Rodeo runs in this family
Usually, there's a Baker near the top of the bull riding standings.
Leon Baker was a top-notch saddle bronc rider, bareback rider and bull rider in his day, but his five sons concentrate entirely on the bulls.
"It's the event the crowd likes most," Josh Baker pointed out. "They started having bull riding away from rodeos and there's more money in it. Plus, we just like it because it seems like fun."
Two of the Baker brothers were in Montgomery on Thursday night to compete in the 54th Southeastern Livestock Exposition Rodeo at Garrett Coliseum.
Shane Baker, 21, started first and was bucked off, finishing with no score.
"It makes me try harder," Josh said, "because we want each other to do good and hopefully take the money home, one of us, anyway."
Josh, 23, was next, with his younger brother cheering him on as he recorded a 78 for second place in the opening round of the International Professional Rodeo Association's All-Region Finals.
"It's pretty difficult," Shane Baker said, "but I knew before I even came here there was a possibility of that happening. I'm just glad at least one of us did good."
Josh Baker finished first in front of the crowd, but two contestants got re-rides after the fans left the arena. Cody Tyler White was bucked off of his bull, but Nathan Tull scored an 82 to grab first place and set the standard for the next round of contestants tonight.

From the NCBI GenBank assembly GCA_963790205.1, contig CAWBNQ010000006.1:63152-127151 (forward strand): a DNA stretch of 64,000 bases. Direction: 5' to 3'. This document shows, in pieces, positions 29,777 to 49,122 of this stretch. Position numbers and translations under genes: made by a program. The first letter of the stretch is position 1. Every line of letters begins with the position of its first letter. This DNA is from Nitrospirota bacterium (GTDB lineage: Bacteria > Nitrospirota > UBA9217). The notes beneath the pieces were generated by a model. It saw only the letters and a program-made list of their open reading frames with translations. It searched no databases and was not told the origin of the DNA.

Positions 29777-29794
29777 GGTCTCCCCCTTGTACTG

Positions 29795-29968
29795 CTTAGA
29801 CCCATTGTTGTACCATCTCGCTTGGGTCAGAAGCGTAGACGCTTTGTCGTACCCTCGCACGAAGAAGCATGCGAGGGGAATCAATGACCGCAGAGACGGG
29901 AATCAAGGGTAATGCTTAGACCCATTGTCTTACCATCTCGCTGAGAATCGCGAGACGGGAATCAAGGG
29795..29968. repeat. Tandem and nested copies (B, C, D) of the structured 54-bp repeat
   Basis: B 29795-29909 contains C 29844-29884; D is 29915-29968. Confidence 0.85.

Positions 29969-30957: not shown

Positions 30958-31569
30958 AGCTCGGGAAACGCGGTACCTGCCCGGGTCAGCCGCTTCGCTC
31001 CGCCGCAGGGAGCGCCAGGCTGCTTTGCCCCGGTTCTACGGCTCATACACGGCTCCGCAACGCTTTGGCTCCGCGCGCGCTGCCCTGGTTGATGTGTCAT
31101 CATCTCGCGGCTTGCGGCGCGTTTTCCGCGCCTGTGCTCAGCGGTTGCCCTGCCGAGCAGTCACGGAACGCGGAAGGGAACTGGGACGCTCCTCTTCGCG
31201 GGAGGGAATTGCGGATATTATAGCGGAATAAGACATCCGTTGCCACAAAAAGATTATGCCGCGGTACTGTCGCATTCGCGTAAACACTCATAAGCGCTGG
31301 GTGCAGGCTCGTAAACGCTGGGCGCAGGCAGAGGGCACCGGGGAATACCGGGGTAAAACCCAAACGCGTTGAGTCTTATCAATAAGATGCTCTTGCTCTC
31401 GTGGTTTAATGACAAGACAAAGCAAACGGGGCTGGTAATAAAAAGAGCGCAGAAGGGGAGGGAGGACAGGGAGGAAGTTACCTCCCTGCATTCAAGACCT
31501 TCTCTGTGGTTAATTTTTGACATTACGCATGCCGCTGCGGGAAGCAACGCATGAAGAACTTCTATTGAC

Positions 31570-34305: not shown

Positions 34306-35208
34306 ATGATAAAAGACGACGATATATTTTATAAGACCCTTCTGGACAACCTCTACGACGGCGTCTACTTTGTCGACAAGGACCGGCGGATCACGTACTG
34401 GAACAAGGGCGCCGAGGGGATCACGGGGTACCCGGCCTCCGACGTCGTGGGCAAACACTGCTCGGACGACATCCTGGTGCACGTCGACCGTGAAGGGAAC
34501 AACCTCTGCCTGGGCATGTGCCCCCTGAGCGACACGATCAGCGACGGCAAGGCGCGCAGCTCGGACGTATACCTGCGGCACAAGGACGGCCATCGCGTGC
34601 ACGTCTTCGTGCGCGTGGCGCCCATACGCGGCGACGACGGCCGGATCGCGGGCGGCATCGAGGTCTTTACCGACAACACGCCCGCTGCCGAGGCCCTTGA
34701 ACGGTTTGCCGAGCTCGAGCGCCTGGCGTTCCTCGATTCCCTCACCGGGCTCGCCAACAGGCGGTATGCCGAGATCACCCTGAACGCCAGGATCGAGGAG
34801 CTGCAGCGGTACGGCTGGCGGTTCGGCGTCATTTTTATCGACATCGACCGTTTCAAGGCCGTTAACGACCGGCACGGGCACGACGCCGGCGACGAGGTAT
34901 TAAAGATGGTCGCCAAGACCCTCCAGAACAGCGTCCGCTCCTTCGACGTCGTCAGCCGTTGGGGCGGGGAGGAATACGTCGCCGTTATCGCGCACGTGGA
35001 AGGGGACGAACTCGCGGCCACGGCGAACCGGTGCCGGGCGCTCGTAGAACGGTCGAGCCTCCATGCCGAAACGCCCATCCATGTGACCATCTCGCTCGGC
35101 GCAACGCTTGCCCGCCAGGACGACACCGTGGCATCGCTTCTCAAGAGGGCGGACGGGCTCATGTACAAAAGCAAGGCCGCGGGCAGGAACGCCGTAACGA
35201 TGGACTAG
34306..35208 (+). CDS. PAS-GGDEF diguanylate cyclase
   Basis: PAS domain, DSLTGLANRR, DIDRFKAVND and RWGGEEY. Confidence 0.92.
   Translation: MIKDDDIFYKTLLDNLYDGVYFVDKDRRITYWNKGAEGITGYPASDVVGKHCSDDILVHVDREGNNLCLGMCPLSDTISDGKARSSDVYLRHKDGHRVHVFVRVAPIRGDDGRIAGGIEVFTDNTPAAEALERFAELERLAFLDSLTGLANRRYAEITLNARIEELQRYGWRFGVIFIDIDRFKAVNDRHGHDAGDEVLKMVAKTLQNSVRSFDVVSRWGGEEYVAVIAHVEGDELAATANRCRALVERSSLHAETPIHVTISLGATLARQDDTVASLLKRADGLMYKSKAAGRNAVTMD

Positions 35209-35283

Shawn Baker has all but retired from bull riding and Jesse Baker, 15, is still riding the junior circuit, leaving Josh, Shane and Justice to compete on the IPRA circuit. Immediately after Thursday's rodeo, Josh and Shane were on the road to Evansville, Ind., to compete in a Professional Bull Riders Association event tonight. Then it's back to Montgomery for the second go-round on Saturday night.
The two enjoy competing together in events, never letting a sibling rivalry stand in the way of cheering for the other.
"It's hard to do that whenever they buck us back to back," Josh said, "but he was the No. 1 guy out tonight and I was No. 6, so we put our ropes on our bulls and I ran over here and pulled his bull rope, then I had time to run over there. After he got off, he came over and helped me. It's usually pretty handy like that."
"As long as one of us is winning," Shane said, "it gets us money to help pay for the trip."
Shane still has an opportunity to win money in the second round and has an outside chance at placing high in the event, depending on what the other riders -- and bulls -- do in the final two days of competition.
"I can still win some money in the round, for sure, and decent money in the (two-round) average if I have a pretty good score," Shane said.
With two Bakers in the event, there's a good chance one of them will place among the top competitors in the event.
"Usually, one of us does good," Shane said.
"We put our faith in the Lord for everything," Josh said. "Helping each other, that's where our blessings come from."